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2003 Annual Science Report

Carnegie Institution of Washington Reporting  |  JUL 2002 – JUN 2003

Studies in Planetary Formation and Evolution

Project Summary

During the course of the last five years, the Department of Terrestrial Magnetism (DTM) astronomy group has become perhaps the leading group worldwide studying the detection, formation, and evolution of planetary systems, with a special emphasis on systems containing habitable planets.

4 Institutions
3 Teams
0 Publications
0 Field Sites
Field Sites

Project Progress

During the course of the last five years, the Department of Terrestrial Magnetism (DTM) astronomy group has become perhaps the leading group worldwide studying the detection, formation, and evolution of planetary systems, with a special emphasis on systems containing habitable planets. The addition of staff members Paul Butler, Alycia Weinberger, and Sara Seager during this period, with the anticipated arrival of new staff member John Chambers in early 2004, coupled with a strong contingent of postdoctoral fellows, has buttressed the ongoing theoretical efforts of George Wetherill and Alan Boss to understand the formation of the Solar System in particular and of habitable planets in general. The DTM astronomy group continues to make major contributions to Carnegie’s astrobiology research efforts.

Task 1. Detection and Characterization of Extrasolar Planets (Boss, Butler, Haghighipour, McCarthy, Rivera, Seager, von Braun, Weinberger)

Over the last year Butler, postdoctoral fellow Chris McCarthy, and their colleagues have discovered 10 planets from the Lick, Keck, and Anglo-Australian Planet Search programs, which rely on high-precision radial velocity measurements to detect planets indirectly through the wobble of the host star about the center of mass of the star-planet system. These discoveries include two new multiple planet systems, two new sub-Saturn-mass planets, and a planet orbiting at 3.3 AU in a circular orbit. This last system is the closest analogue to the Solar System found to date. Giant planets in circular orbits beyond 3 AU appear to be rare, this being only the second one known.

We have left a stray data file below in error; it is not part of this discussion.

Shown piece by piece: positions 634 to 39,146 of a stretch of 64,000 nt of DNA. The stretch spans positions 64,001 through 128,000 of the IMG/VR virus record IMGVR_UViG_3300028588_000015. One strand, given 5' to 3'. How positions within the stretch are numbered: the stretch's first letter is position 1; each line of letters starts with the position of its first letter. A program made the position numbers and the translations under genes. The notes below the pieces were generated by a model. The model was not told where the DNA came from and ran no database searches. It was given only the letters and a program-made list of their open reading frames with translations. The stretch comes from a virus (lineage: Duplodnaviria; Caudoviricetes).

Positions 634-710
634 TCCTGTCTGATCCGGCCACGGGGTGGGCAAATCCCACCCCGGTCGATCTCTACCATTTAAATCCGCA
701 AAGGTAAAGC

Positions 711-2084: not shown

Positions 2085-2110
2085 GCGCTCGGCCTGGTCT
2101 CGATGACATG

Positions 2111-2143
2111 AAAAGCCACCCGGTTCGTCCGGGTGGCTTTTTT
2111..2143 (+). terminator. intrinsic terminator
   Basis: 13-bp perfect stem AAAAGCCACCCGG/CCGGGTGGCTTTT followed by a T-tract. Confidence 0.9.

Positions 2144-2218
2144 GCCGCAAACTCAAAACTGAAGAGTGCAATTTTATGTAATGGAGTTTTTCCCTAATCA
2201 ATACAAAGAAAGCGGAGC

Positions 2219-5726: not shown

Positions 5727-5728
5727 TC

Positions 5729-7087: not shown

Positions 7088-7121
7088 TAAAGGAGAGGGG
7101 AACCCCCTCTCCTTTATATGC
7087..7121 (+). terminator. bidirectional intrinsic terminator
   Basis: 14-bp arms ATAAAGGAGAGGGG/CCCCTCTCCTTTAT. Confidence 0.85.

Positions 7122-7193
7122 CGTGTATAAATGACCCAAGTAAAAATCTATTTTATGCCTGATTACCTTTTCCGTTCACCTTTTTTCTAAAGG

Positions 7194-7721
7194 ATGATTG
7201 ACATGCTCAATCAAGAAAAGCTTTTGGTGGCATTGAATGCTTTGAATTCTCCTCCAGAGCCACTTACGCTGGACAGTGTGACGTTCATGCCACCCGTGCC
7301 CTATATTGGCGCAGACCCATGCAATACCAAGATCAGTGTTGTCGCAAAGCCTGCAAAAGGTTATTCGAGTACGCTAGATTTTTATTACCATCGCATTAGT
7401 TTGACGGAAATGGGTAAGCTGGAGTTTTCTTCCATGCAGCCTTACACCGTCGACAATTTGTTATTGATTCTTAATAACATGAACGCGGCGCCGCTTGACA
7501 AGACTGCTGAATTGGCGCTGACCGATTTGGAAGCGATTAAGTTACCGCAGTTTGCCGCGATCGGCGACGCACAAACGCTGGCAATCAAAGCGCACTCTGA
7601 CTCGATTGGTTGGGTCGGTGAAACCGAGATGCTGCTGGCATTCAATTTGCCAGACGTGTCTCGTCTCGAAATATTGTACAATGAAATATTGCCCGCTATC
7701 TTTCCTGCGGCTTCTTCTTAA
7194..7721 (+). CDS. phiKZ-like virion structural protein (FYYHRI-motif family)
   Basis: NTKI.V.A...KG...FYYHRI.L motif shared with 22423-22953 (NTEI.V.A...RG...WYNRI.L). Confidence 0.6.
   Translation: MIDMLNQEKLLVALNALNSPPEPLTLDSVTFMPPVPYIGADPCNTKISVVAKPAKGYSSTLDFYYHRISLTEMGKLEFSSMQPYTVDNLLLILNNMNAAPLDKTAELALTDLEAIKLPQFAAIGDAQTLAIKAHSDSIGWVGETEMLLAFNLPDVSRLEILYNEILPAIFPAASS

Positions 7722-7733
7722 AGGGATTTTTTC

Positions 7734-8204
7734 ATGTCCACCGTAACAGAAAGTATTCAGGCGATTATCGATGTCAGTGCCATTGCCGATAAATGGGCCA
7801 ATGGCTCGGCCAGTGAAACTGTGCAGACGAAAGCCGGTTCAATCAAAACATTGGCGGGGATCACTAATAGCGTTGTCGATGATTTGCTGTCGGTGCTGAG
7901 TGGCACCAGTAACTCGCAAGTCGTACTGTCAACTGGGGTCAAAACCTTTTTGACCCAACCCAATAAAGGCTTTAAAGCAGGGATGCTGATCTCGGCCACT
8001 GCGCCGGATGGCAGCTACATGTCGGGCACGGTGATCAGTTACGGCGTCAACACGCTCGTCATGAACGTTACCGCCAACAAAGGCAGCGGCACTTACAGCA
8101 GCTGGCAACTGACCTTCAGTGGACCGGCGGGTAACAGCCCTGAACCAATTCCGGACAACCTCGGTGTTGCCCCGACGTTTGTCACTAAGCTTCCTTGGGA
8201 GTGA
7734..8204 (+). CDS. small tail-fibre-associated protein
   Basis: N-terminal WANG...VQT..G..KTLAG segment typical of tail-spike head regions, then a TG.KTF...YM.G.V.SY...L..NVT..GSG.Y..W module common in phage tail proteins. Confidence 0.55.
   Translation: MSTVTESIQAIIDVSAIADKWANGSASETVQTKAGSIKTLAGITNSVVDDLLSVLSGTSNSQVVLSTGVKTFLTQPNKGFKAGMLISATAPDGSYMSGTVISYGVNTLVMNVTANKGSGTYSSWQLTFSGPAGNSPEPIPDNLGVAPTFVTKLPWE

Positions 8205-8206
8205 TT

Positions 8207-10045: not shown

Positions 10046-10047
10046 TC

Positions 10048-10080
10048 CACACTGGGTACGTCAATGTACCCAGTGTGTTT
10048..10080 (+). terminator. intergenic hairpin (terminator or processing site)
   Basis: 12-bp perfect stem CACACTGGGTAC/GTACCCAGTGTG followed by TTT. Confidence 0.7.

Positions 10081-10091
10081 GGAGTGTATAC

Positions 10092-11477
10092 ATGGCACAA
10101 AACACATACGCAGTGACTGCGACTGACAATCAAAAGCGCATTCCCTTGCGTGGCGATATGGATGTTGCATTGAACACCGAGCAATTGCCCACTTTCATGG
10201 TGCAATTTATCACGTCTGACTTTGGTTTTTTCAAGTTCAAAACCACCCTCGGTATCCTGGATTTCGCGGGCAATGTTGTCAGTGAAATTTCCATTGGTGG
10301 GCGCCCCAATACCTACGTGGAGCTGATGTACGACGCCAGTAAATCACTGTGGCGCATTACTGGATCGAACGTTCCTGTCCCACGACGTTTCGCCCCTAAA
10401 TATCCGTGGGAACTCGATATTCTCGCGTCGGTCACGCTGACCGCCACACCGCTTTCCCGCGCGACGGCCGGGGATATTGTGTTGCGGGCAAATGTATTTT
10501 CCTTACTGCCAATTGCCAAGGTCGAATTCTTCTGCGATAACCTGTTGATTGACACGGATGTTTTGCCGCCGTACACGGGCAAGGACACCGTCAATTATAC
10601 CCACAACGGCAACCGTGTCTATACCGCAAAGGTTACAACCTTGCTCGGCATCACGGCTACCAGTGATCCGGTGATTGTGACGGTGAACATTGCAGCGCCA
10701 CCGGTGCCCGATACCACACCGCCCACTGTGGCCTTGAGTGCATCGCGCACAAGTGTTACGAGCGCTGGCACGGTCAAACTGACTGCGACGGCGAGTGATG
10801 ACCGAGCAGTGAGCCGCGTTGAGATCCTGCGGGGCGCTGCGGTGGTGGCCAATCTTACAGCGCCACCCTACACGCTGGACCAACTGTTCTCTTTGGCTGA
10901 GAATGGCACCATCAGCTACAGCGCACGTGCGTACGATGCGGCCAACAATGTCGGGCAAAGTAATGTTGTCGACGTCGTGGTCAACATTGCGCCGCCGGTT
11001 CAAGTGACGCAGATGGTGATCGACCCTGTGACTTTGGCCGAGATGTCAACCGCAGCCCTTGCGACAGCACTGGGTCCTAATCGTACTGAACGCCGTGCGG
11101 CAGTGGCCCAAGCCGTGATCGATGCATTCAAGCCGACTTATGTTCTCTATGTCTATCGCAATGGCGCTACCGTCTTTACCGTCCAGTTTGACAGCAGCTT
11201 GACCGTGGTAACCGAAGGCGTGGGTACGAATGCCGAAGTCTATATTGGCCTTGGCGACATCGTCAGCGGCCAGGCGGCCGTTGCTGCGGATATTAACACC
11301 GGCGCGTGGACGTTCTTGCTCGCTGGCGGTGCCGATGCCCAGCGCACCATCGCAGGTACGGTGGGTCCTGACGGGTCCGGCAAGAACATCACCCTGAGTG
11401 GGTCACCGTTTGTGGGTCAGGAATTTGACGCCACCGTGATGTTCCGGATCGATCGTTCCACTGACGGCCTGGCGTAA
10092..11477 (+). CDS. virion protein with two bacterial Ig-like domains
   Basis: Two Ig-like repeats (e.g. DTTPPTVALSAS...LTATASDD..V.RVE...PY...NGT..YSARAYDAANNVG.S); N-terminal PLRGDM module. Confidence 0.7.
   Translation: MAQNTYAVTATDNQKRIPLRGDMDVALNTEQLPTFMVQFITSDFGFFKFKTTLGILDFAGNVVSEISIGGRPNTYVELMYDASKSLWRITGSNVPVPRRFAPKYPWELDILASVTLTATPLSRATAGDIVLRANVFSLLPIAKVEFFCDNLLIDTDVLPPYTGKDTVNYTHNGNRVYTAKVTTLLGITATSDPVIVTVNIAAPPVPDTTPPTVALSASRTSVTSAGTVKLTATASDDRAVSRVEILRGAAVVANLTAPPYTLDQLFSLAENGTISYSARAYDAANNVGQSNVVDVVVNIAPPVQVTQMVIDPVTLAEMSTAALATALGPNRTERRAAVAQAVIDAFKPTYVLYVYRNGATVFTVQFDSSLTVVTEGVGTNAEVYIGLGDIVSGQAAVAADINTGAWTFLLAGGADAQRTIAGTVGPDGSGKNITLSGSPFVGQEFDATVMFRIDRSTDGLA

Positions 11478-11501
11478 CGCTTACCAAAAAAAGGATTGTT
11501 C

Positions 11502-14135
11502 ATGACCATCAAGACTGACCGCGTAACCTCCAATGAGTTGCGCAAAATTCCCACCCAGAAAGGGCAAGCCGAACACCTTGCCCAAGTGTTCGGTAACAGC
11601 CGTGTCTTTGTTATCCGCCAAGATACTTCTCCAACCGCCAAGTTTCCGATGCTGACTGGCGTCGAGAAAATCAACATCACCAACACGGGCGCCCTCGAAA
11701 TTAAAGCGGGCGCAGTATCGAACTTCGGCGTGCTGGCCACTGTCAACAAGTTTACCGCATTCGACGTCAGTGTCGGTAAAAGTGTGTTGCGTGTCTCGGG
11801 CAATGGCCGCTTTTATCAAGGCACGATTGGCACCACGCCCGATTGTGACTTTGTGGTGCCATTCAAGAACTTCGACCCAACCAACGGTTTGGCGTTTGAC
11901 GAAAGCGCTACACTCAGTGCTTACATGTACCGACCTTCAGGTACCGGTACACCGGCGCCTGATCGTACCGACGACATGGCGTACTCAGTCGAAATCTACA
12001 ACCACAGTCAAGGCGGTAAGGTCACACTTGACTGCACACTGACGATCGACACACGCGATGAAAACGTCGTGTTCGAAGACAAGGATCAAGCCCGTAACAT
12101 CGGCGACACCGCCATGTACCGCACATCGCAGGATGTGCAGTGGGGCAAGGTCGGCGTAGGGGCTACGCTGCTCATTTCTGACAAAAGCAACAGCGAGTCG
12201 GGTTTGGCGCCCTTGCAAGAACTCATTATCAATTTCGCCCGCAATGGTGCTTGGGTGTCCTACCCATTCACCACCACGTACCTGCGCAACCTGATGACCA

Butler’s goal is to survey the nearest 2,000 solar-type and lower mass stars within 50 parsecs in preparation for the next generation of space-based missions designed to detect and study extrasolar planets, such as NASA’s James Webb Space Telescope (JWST), Space Interferometry Mission (SIM), and Terrestrial Planet Finder (TPF), and the European Space Agency’s (ESA’s) Global Atmospheric Integration for Astrobiology (GAIA) and Darwin missions. Toward this goal, Butler inaugurated the Magellan Planet Search in December 2002 at Carnegie’s Las Campanas Observatory (LCO), adding 500 new Southern Hemisphere stars to his program. Butler and McCarthy are currently surveying a total of 1,700 stars from Lick-Keck in the north and AAT-Magellan in the Southern Hemisphere.

Seager is co-leading a search for short-period giant planets by the transit technique, where the planet’s presence is inferred by the dimming of the host star’s light when the planet passes in front of the star. The radius of each transiting planet can be determined from the known radius of the star and the amount of its dimming; the radius (together with the mass) is a key constraint on planetary evolution models. Seager’s group has three planet candidates for which follow-up radial velocity observations were made during the reporting period. Data analysis is in progress. In addition, Seager and postdoctoral fellow Kaspar von Braun have started a new planet transit search in open star clusters in the southern hemisphere using the Carnegie Swope telescope at the LCO.

Seager has also been working on considering what the Earth would look like if viewed as an extrasolar planet, by interpreting data taken of Earthshine reflected off the dark side of the Moon. These measurements capture the Earth’s spatially unresolved spectrum. This work is important for NASA’s TPF mission, which will observe similarly spatially unresolved planetary spectra.